ALLISON: In one interview, Peter said that people are always shocked to realize he is the author of the Mouse Tail books. What is one other thing that readers might be surprised to know about the two of you?

CHERYL: We live with 5 kitties. 3 are feral kitties that decided to move inside when it started to get cold. And NO I am not a crazy cat lady! Peter and I have been involved with a wonderful organization called the Wheelchair Foundation over the past 10 years. I helped organize a wheelchair distribution in Kabul, Afghanistan…going there was quite an experience…And Peter has traveled all over the world following our Presidents when they attend economic summits!

ALLISON: How did the two of you become an author and illustrator team?

CHERYL: When we decided to self publish Nat, Nat the Nantucket Cat.

ALLISON: What topic(s) have you found most interesting to explore? What topics would you still like to explore?

CHERYL: I want to learn Chinese! Peter wants to study theology

ALLISON: Do you visit libraries and schools to promote your books? What were your most memorable moments?

CHERYL: When it was still allowed. the US Capitol had me come and do a book signing at the House Gift Shop. We sold hundreds of books and I got to meet may of the Congressmen, Congresswomen and Senators who came to have us sign books!

ALLISON: Cheryl has a background in architecture. How have you drawn upon this background when creating your illustrations?

CHERYL: I am a little obsessive compulsive about trying to get the buildings and rooms and details as exact as I can…the more teeny tiny details the better …and kids seem to like it. I have never had any formal training in art…so I guess it is a gift…but I have worked hard to use that gift to the best of my ability….Practice…Practice…Practice!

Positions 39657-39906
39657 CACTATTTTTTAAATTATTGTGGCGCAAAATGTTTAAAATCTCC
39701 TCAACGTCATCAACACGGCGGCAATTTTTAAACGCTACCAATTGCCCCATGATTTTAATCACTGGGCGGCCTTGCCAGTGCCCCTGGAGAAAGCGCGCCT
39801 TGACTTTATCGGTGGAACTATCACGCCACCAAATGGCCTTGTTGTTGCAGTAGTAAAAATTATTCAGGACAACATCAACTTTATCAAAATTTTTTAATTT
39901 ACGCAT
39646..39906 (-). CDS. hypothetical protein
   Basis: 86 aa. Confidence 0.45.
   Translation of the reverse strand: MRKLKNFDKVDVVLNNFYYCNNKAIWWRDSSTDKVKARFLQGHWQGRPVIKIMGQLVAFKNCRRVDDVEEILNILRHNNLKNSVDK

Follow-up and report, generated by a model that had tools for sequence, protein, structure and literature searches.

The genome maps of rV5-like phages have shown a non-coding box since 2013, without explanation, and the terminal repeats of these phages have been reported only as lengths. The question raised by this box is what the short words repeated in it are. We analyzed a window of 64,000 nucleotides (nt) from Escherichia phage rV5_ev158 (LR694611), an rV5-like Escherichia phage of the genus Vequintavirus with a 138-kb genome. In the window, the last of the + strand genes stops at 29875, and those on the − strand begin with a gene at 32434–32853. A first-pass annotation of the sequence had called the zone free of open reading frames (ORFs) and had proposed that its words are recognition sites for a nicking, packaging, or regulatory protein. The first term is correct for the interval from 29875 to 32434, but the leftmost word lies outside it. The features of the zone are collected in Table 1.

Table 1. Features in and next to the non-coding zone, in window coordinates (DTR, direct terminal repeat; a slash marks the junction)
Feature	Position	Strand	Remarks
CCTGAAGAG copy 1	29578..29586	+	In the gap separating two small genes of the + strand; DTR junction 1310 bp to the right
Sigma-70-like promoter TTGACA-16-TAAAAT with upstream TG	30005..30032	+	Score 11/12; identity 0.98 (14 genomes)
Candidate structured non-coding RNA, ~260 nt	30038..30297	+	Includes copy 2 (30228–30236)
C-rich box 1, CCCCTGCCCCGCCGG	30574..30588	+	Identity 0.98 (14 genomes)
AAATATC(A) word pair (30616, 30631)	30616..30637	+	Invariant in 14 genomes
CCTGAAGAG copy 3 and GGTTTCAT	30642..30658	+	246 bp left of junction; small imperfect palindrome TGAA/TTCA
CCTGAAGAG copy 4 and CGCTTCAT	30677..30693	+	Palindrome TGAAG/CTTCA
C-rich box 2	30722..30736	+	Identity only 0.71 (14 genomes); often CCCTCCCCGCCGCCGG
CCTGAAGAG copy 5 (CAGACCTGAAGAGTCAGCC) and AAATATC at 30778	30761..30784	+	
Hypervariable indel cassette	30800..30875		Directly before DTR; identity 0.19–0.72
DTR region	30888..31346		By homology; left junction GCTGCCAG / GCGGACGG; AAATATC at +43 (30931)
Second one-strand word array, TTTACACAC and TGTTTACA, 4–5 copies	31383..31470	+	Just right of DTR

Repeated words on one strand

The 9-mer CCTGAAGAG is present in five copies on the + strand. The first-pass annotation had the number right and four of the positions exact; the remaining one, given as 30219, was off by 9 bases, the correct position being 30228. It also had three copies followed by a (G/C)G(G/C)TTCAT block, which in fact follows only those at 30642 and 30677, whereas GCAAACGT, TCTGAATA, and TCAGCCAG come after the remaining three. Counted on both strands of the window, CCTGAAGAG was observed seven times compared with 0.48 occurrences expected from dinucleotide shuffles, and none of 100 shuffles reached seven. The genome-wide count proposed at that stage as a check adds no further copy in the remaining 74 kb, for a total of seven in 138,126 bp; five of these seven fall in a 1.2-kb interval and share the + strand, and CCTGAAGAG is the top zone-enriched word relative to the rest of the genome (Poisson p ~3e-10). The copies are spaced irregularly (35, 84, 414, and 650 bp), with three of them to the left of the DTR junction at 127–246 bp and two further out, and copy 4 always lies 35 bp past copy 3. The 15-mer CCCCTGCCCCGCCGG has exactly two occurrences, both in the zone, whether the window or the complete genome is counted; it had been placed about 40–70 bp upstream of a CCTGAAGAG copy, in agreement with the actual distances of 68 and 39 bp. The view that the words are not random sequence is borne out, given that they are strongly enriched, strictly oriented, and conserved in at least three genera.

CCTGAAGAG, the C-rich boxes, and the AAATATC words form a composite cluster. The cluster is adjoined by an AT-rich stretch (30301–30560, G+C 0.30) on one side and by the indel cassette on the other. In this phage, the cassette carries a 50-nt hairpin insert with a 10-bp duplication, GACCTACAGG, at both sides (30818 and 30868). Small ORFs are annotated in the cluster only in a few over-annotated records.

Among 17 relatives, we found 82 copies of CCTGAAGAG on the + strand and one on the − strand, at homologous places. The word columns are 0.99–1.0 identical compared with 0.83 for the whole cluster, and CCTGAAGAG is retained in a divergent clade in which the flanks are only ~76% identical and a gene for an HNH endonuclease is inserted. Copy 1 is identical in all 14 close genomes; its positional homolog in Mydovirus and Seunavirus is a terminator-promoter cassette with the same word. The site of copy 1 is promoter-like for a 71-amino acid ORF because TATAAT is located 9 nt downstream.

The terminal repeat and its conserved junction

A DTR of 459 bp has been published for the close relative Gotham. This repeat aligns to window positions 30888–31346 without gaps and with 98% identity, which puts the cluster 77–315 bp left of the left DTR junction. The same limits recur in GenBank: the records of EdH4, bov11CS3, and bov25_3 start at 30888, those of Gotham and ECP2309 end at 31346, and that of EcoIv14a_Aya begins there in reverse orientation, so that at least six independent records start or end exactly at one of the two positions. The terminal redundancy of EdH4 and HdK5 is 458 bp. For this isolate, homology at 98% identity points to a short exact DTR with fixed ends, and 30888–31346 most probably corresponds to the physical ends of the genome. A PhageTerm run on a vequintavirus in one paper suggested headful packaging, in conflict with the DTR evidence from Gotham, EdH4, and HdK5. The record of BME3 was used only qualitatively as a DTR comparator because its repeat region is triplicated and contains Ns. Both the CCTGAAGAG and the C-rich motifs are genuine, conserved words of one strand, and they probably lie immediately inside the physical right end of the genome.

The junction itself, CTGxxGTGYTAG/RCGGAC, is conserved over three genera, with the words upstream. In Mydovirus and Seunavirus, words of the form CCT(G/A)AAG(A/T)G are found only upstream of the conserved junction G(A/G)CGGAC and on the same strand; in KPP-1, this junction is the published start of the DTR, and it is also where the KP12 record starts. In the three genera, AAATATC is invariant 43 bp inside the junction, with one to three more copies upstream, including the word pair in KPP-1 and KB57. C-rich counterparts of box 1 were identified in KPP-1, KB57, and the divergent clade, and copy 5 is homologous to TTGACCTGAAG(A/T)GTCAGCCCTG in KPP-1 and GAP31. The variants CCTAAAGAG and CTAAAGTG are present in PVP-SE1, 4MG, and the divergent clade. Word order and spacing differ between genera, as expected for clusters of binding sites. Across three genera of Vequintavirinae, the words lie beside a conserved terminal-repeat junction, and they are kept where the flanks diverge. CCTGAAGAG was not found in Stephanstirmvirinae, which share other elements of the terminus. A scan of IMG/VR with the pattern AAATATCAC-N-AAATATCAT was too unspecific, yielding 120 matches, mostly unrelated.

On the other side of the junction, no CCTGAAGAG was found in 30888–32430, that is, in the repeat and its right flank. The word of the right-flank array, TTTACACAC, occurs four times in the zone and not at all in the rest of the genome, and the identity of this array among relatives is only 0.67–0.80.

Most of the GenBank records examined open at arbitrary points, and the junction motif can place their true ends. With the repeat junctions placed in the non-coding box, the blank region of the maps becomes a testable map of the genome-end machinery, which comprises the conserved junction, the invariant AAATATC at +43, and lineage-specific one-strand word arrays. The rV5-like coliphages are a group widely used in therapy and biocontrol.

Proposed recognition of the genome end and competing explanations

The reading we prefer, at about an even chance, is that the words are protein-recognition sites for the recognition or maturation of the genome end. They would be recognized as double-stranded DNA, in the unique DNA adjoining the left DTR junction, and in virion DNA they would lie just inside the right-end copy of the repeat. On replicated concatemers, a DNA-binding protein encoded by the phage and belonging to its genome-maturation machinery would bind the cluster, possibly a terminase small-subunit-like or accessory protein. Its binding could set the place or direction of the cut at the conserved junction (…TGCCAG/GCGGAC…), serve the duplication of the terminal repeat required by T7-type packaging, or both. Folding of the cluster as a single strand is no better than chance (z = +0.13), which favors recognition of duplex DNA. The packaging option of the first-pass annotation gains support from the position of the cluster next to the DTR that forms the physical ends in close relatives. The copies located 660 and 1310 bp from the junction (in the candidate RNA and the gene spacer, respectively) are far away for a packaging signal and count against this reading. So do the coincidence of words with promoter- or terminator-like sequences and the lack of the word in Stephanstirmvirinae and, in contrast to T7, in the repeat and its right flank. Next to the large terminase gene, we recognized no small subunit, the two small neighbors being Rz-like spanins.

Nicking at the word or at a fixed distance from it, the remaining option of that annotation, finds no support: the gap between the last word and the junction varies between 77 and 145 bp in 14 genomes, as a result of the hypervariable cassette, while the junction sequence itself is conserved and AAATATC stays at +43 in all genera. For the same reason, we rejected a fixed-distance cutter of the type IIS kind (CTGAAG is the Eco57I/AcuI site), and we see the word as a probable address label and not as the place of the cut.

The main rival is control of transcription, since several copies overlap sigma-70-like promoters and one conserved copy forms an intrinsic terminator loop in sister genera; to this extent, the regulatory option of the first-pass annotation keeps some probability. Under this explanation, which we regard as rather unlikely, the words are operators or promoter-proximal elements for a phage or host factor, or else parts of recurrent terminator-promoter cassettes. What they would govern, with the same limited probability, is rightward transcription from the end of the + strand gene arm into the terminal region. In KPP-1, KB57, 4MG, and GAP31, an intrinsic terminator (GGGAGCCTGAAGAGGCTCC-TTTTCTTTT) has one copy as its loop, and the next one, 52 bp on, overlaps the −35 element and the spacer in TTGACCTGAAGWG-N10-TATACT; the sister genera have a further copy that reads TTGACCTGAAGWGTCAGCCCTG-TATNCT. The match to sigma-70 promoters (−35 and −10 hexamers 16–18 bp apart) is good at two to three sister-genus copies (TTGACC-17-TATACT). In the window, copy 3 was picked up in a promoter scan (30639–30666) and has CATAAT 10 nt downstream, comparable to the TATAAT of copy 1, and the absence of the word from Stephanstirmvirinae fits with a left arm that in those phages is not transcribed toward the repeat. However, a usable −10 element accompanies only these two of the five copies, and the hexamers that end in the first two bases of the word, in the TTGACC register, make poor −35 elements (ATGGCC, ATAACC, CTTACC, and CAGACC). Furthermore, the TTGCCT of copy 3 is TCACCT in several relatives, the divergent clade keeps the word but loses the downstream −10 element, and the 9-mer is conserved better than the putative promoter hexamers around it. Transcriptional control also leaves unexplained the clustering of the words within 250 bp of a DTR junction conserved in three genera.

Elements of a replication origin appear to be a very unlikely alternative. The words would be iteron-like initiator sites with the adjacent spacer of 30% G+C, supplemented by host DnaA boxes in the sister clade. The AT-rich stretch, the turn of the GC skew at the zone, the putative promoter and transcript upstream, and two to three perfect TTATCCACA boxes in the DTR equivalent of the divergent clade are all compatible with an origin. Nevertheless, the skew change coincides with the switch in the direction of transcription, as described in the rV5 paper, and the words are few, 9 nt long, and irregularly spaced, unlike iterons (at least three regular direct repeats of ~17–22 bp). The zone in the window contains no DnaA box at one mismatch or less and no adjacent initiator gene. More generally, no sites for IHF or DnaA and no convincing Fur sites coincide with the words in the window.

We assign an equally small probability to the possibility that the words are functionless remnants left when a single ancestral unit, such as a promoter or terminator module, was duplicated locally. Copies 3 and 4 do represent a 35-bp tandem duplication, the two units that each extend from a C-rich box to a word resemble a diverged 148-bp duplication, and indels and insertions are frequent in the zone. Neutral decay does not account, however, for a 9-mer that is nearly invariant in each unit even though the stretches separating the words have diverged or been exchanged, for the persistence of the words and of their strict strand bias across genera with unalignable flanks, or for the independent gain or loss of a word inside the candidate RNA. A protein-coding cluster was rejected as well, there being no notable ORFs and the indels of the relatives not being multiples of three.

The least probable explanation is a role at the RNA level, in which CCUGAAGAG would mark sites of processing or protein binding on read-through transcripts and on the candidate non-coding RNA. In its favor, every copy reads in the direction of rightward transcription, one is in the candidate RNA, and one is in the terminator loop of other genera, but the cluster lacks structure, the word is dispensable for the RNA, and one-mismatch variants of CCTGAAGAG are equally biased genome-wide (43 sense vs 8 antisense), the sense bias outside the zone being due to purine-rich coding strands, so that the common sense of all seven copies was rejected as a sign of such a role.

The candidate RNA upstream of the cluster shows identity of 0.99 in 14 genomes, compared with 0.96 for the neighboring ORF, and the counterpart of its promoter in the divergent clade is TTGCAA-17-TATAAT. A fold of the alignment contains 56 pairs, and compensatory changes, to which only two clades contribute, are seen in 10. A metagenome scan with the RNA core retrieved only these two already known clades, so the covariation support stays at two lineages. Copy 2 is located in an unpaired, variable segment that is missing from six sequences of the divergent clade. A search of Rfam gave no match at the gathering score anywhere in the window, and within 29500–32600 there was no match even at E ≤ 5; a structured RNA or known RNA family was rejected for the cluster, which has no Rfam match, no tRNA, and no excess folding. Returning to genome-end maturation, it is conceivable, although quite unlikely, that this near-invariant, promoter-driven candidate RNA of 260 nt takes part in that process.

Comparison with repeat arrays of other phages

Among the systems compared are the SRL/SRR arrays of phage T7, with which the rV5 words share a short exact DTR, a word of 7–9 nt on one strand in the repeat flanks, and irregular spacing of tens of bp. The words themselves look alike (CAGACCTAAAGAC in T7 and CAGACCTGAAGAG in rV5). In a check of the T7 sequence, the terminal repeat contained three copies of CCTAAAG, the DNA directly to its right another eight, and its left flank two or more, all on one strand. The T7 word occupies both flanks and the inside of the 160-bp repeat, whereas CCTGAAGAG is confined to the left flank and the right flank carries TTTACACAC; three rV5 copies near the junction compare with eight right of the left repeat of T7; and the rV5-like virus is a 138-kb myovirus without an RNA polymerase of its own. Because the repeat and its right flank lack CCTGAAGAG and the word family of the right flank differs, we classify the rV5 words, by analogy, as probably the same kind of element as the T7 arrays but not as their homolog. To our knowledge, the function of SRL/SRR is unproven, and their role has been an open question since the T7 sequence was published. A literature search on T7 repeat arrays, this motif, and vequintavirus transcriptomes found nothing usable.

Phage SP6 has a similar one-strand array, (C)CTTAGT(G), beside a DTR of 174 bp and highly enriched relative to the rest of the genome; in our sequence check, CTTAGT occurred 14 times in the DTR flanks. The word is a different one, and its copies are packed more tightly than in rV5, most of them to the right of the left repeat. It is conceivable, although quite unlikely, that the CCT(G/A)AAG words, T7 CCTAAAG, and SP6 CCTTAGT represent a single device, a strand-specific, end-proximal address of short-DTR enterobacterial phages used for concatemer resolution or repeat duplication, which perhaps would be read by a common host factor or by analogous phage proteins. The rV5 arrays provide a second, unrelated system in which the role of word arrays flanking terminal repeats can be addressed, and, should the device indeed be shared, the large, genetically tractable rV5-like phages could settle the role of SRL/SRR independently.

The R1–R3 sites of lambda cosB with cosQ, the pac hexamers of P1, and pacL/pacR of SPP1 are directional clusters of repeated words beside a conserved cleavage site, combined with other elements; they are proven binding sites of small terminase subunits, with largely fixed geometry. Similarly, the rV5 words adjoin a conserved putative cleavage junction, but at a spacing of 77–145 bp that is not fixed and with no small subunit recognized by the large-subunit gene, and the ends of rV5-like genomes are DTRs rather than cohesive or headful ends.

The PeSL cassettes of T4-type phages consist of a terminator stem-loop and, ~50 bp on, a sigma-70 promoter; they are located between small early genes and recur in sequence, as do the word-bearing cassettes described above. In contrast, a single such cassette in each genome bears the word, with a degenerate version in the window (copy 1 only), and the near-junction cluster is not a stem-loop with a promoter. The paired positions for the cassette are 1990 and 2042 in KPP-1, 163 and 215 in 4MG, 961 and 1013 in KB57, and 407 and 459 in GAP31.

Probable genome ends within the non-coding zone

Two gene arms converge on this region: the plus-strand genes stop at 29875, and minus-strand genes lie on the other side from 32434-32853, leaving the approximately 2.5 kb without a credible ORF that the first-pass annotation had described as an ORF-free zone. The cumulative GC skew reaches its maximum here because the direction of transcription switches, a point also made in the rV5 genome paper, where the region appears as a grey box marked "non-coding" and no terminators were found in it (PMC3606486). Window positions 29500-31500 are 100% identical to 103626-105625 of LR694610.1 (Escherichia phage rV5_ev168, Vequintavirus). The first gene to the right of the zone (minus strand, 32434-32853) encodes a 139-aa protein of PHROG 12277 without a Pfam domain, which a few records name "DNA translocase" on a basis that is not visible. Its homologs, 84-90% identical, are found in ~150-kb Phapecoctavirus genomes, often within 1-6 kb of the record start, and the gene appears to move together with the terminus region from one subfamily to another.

ALLISON: Cheryl is also a Creative Director for Little Patriot Press. Talk about an average work day.

CHERYL: My offices are very close to the US Capitol so I get to see that beautiful building many times a day! The Publisher I now work with, Regnery, has me working on lots of other children’s books…I work with authors and find wonderful talented illustrators for each project…The publishing team that I work with are bright and energetic…and I love being around lots of young creative people!

ALLISON: Peter is a journalist. How have you drawn upon this background when writing your books. Talk about an average work day.

PETER: I have been covering Washington DC and the economy for 20 years and draw on my experience as a reporter here all of the time for our books about civics. Because I cover the economy, I work pretty much all of my waking hours, as the financial crisis made Washington DC the center of the universe for policy responses and we are getting news all of the time on it. Today I am reporting on the Federal Reserve, in fact.

ALLISON: What’s a lazy day for the two of you?

CHERYL: We have a little sports car that we love to drive and go exploring. We live in a beautiful part of the country…with the Blue Ridge Mountains and the Atlantic Ocean within a few hours drive!

ALLISON: What’s next?

CHERYL: We love what we do…so we will keep working…but with our first grandson Tristan more grandchildren on the way….we want to spend more time having FUN with them!

For more information about Cheryl and Peter Barnes, check out these two sites:

A book about pets is sure to make me smile, especially when it’s titled President Adams’ Alligator and Other White House Pets. This week, I’m reviewing the newest educational picture book from Peter and Cheryl Barnes. I found the information and illustrations overwhelmed me more than in their Woodrow Mouse books, and yet the topic is so unique and fun that I still enjoyed it.